Labor market shortages will make Rutte IV plans hard to implement: Planning office

THE HAGUE - The new Cabinet wants to spend billions in the coming years to help the Netherlands move forward, but the question is whether they will manage it within the Cabinet term. After calculating the plans in the coalition agreement, the Central Planning Bureau (CPB) pointed to the severe shortages in the labor market. You can plan a lot of extra government spending, but it will be tough to find enough suitable personnel to carry out everything.

The CPB, an essential adviser to the government, assumes that not all planned funds can be spent within the government's term in office. This is particularly the case for plans in defense and housing. It is here that matters such as finding and training suitable personnel, supply problems, and the lead time of tender- and permit procedures play a significant role.

The CPB also warns that the large size of the package can have adverse side effects. According to the accountants, there is a risk that additional government spending will boost wages and prices rather than economic activity. And that while inflation is already high. The financial burden for future generations would also increase sharply because government debt rises, for example.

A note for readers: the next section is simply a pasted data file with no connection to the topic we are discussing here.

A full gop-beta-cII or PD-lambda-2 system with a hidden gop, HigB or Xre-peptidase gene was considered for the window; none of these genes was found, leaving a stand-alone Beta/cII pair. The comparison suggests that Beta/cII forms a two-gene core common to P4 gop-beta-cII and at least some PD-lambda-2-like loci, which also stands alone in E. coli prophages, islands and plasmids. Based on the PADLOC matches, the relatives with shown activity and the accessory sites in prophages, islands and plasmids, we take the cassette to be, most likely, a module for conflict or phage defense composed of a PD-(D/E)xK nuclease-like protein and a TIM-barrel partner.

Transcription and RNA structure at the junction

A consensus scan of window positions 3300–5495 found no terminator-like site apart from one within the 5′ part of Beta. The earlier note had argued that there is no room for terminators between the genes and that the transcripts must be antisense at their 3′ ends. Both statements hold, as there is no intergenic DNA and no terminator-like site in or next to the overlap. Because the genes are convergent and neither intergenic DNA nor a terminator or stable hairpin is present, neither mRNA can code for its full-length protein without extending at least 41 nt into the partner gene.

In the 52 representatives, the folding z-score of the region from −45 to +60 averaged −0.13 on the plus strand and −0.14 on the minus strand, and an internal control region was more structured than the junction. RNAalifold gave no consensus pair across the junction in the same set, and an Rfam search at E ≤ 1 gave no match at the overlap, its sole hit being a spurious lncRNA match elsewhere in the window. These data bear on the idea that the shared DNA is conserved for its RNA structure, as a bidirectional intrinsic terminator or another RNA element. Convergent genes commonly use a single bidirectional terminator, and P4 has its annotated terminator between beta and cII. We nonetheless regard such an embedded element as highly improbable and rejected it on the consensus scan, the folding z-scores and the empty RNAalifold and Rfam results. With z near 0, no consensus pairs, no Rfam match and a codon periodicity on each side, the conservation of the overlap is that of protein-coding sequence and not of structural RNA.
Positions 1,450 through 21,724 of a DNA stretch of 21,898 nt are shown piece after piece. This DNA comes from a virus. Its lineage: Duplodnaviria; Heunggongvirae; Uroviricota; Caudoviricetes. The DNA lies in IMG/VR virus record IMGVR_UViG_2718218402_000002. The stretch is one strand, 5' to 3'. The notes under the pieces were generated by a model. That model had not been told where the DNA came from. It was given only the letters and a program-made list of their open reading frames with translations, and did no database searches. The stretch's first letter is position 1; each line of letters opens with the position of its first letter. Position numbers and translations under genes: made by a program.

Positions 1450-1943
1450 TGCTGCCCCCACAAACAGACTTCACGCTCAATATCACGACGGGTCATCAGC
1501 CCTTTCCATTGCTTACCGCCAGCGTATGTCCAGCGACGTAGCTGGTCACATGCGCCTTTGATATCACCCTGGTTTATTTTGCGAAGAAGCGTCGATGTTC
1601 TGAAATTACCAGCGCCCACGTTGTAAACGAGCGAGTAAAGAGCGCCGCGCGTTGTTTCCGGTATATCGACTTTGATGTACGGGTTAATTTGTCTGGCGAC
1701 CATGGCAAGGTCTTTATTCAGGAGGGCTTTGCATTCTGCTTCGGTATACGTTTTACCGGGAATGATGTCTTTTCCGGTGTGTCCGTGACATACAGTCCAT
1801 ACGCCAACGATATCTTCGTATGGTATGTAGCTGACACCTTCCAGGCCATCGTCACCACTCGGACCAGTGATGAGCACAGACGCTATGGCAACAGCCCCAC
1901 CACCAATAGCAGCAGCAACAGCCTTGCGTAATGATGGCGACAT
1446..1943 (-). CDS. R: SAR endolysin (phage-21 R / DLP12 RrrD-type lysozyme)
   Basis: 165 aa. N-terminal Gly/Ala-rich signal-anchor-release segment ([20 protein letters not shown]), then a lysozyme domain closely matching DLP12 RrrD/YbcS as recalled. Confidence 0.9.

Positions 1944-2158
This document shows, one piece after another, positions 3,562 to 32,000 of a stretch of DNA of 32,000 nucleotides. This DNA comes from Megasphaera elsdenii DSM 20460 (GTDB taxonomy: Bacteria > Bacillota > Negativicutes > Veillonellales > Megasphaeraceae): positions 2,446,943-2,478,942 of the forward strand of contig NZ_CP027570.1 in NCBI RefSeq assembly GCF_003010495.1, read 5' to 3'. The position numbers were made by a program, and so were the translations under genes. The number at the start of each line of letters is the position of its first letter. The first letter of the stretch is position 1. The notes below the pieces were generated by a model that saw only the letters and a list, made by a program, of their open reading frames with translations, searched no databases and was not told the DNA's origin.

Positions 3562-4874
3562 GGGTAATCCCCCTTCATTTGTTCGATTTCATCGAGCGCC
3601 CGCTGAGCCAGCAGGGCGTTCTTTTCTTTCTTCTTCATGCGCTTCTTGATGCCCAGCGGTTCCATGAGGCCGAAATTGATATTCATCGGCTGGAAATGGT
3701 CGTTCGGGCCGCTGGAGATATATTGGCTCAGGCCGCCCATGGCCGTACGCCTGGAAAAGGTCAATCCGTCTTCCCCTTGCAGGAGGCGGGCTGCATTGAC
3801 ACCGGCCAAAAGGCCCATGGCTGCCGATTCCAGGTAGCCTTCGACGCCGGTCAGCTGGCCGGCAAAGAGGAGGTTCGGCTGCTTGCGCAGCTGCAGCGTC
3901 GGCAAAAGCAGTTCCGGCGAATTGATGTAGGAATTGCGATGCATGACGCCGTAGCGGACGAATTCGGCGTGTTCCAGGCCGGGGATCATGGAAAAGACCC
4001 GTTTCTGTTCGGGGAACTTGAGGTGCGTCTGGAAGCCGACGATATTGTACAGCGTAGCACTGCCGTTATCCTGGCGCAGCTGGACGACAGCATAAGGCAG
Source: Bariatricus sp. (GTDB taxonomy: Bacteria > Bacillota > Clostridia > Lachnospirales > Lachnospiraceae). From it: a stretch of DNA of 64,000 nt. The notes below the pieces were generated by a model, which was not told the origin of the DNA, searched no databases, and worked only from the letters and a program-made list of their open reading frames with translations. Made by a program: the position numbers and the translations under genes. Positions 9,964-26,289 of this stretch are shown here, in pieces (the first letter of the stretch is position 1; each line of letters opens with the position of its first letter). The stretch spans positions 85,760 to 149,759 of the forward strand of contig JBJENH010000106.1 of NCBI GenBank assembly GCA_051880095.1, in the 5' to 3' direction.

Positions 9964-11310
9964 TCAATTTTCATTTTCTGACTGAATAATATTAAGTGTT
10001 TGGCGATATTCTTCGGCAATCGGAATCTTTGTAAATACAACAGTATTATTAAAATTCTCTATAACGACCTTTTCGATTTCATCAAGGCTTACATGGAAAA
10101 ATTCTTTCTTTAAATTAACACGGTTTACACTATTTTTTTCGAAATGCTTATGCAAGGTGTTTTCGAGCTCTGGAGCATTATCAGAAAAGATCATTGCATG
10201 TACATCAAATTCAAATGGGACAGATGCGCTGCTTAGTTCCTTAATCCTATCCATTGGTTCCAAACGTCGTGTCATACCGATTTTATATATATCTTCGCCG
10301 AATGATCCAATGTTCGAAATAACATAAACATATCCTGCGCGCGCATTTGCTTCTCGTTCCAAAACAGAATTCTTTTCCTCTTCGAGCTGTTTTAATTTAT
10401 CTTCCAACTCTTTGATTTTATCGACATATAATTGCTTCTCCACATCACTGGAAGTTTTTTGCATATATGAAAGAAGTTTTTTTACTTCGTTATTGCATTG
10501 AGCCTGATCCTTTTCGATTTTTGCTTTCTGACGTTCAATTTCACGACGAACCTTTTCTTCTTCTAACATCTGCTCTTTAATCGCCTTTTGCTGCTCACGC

The made plans will result in the economy growing faster across the board than would otherwise have been the case. It is also expected that employment in the government and education will increase, and unemployment will fall. In the longer term, the coalition agreement would lead to a slight decline in structural employment, but also a somewhat more equal income distribution. The new policy would also ensure that the slight decrease in households' purchasing power is compensated slightly.


Unlike in the past, the coalition parties did not have their plans calculated by the CPB in advance, partly because not all measures have yet been worked out in detail. The idea is that this would give more room for Ministers and parliament to leave their mark on policy. But parliament was not satisfied with this and asked formateur Mark Rutte to have a calculation made before the debate on the government statement. That is on the agenda for Tuesday and Wednesday next week.

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